When a product allows the use of its content, design documents, and code, it is commonly referred to as open source. Originally, the term was exclusively used with software that has open content which encourages forms of open collaboration for its development. Eventually, the term branched out and included others such as those that use open source like in DAS or Distributed Antenna Systems, the Design Global, Manufacture Local socioeconomic production model, open-source architecture, and even an open source seed initiative.
While this initiative has already pervaded various sectors of society from agriculture to science and technology to even the media, it has distinct and interesting beginnings. Here is a brief rundown of how open source came into being.
Birth of the Term
Over the years, the term “open source” appeared in print, even from books dating centuries back. For instance, in a 1685 text written by Thomas Willis in The London Practice of Physick, Or The Whole Practical Part of Physick, he claimed that the fluid that comes from a wound “flow’d forth in a plentifull Stream as from an open Source…”
Meanwhile, the modern connotation of the phrase came in the latter part of the 1990s. After Netscape announced the release of their source code, a strategy meeting was held in Palo Alto on February 3, 1998, where the term “open source” was eventually coined from a suggestion by Christine Peterson. Attendees of the conference realized that the announcement brought with it the opportunity to educate people about the benefits of an open development process where an engaged community could participate in improving source codes.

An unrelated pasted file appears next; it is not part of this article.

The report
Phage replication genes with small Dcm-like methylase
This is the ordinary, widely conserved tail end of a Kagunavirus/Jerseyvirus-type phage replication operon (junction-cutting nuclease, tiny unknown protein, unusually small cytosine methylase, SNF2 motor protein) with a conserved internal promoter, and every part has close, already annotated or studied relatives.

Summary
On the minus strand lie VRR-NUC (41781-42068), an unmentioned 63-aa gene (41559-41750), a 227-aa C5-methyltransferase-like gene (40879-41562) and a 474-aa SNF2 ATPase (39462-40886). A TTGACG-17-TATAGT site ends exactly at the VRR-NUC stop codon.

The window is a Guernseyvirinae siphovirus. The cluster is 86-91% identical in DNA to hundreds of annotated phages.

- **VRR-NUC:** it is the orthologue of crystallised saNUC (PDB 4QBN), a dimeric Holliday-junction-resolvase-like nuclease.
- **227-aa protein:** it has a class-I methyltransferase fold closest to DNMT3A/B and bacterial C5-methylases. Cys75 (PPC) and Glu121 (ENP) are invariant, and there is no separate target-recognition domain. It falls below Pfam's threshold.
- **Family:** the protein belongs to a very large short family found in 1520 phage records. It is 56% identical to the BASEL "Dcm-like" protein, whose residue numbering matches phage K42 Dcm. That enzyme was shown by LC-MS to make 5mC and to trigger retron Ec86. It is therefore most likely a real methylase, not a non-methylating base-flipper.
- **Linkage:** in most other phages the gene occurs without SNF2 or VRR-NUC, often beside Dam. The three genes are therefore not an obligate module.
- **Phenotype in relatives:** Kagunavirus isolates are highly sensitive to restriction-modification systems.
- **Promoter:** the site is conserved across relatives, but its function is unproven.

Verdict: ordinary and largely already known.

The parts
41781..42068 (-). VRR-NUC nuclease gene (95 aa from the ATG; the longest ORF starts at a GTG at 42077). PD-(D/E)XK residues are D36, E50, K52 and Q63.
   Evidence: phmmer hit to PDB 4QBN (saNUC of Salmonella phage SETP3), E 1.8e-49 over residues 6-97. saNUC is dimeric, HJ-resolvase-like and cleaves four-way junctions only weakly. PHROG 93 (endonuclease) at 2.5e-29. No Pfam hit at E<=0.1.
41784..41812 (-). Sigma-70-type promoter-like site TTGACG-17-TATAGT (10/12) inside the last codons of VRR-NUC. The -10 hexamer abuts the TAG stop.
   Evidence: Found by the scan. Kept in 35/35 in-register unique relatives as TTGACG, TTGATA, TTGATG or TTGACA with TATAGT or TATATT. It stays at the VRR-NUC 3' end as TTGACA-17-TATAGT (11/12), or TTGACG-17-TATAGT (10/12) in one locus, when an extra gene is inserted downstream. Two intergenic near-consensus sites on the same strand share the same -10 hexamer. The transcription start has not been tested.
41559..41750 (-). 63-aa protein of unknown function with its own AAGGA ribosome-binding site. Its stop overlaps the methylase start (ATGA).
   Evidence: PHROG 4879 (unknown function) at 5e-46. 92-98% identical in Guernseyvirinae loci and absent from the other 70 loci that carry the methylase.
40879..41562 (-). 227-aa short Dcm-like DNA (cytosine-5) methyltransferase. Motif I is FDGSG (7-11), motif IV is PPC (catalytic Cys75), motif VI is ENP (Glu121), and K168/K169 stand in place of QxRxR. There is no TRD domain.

Public Call for Adoption and Visibility
Eric Raymond, one of the attendees of the Palo Alto meeting where the term was coined, was one of the most active in organizing efforts to make the term popular. In February 1998, he made a public call for its adoption to the community of free software.
Afterwards, the term gained support from prominent figures in the community including Linus Torvalds and many key individuals like the founders of Perl, Sendmail, and Python among others, who were attendees in an Open Source Summit on April 1998. Large institutions like the Apache Software Foundation also threw their support for the open-source software movement’s development.
Gathering the Guardians
In an effort to protect and further explain what “open source” label is to the public, the Open Source Initiative was founded by Eric Raymond and Bruce Perens. Initially designed as an education and advocacy organization, the OSI was aimed at executing the mission agreed on at the Summit of 1998.
While its beginnings were mostly centered on the software industry, the applications of open source have transcended its initial intent. At present, open source’s idea of allowing an engaged community to take part in the development of content has pervaded various sectors including agriculture, science and technology, manufacturing, and the media among others. This spirit of collaboration has enabled the development of countless advancements in many industries over the years.